Processed Food Addiction and Mental Health
Jan 13, 2023
Unlocking the secrets of processed food addiction and guiding you to find freedom from food and weight obsession.
So many people around the world suffer in the painful despair of facing mental health challenges. While some conditions may require a clinical diagnosis and treatment, it may surprise you to know that research reveals that processed food alters brain function.
Scientific studies reveal that processed foods are associated with the following direct and indirect aspects of mental health:
- Anxiety: Processed foods activate brain cells which release a signal that tells the adrenal glands to release adrenalin. With extra adrenalin floating around the body, we become anxious and angry.
- Depression: Processed foods cause reward brain cells to release extra dopamine. So much extra dopamine causes the dopamine pathway to 'wear out.' The technical term is down-regulate. The pathway can't make the person feel good anymore so the person feels depressed.
- Shame: Shame comes from a lack of understanding of the addicted brain. People who don't understand addiction make the addicted person feel like a failure. People who don't understand blame the addicted person for lapsing when it was really triggers from the food industry that caused the lapse. Repeated failure makes the addicted person ashamed even though none of it was their fault.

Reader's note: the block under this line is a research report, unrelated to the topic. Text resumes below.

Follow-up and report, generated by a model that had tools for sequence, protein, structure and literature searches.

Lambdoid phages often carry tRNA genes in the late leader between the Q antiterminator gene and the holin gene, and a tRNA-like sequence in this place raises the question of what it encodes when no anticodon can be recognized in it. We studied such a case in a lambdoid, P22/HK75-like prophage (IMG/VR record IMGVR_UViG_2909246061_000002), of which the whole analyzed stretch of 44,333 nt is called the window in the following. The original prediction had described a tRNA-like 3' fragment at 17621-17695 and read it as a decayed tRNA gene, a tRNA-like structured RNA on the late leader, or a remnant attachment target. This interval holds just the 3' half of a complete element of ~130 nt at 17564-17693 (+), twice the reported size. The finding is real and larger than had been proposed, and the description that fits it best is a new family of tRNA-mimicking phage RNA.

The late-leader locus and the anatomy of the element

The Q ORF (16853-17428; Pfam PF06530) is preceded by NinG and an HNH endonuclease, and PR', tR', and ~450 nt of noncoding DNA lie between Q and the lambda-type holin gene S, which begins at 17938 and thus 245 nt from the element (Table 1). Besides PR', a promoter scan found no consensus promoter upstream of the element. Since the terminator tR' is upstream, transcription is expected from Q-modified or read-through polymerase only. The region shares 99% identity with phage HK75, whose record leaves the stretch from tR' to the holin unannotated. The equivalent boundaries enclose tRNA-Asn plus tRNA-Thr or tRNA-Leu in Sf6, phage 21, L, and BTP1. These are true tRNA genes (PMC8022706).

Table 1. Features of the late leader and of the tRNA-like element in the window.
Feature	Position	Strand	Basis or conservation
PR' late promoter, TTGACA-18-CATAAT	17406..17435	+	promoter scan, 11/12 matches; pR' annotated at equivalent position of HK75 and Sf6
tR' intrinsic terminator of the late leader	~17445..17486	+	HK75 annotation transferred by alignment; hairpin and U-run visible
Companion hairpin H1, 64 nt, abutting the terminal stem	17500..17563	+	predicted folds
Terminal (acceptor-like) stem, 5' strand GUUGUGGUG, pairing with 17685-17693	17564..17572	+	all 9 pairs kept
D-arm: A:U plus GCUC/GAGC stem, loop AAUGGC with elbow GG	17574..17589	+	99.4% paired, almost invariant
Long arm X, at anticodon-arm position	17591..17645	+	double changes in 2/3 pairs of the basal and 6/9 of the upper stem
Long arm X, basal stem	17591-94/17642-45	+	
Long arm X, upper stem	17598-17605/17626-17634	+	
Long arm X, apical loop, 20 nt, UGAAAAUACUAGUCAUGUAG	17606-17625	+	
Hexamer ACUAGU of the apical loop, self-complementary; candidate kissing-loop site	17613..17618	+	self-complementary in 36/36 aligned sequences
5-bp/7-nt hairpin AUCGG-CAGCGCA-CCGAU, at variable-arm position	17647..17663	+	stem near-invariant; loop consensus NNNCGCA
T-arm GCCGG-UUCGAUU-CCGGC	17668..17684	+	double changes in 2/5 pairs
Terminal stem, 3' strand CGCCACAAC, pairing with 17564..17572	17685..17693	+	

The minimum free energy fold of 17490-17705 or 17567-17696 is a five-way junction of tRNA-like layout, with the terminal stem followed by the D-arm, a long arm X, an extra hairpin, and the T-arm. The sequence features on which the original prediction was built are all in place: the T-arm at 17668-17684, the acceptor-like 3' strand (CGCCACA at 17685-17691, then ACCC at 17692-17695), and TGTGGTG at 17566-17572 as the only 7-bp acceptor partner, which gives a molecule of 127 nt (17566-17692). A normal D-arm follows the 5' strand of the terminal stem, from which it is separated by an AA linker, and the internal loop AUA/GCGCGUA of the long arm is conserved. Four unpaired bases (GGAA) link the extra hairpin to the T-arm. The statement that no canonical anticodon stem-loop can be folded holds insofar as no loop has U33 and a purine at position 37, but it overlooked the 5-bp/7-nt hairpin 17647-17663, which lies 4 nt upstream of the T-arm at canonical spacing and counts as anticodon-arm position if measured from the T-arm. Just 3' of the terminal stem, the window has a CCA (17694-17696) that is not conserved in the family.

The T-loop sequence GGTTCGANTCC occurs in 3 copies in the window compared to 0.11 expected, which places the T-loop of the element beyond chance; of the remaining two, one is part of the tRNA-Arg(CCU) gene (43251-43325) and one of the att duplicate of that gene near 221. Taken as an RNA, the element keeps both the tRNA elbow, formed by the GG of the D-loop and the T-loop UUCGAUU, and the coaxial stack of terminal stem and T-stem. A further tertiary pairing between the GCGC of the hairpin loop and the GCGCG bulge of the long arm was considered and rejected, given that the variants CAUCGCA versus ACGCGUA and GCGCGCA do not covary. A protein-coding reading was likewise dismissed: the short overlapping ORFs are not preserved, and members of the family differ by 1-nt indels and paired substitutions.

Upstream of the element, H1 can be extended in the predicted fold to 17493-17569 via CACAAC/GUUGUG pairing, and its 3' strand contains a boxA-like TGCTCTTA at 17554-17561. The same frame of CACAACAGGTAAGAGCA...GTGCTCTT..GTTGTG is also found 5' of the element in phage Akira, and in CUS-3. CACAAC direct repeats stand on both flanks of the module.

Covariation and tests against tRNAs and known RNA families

- Mood Swings: Processed foods are absorbed very quickly into the bloodstream causing glucose levels to rise quickly. This can make the addicted person feel high and even euphoric. However, the pancreas responds to bring down glucose levels by releasing insulin. Insulin can bring down sugar levels very quickly which feels like a crash. People can become very depressed and angry with the sudden drop.
- Dementia: There are a number of reasons that processed foods are associated with dementia and Alzheimer's. Processed foods are inflammatory. They pull blood flow away from the frontal lobe. They dysregulated microorganisms in the gut and promote malnutrition.
- Pain: Processed foods are inflammatory. This can put pressure on nerves, especially at the site of an injury. Without the inflammation from processed foods, the injury might not hurt. But with the inflammation, it can become painful. Chronic pain may, in turn, have a negative effect on mental well-being.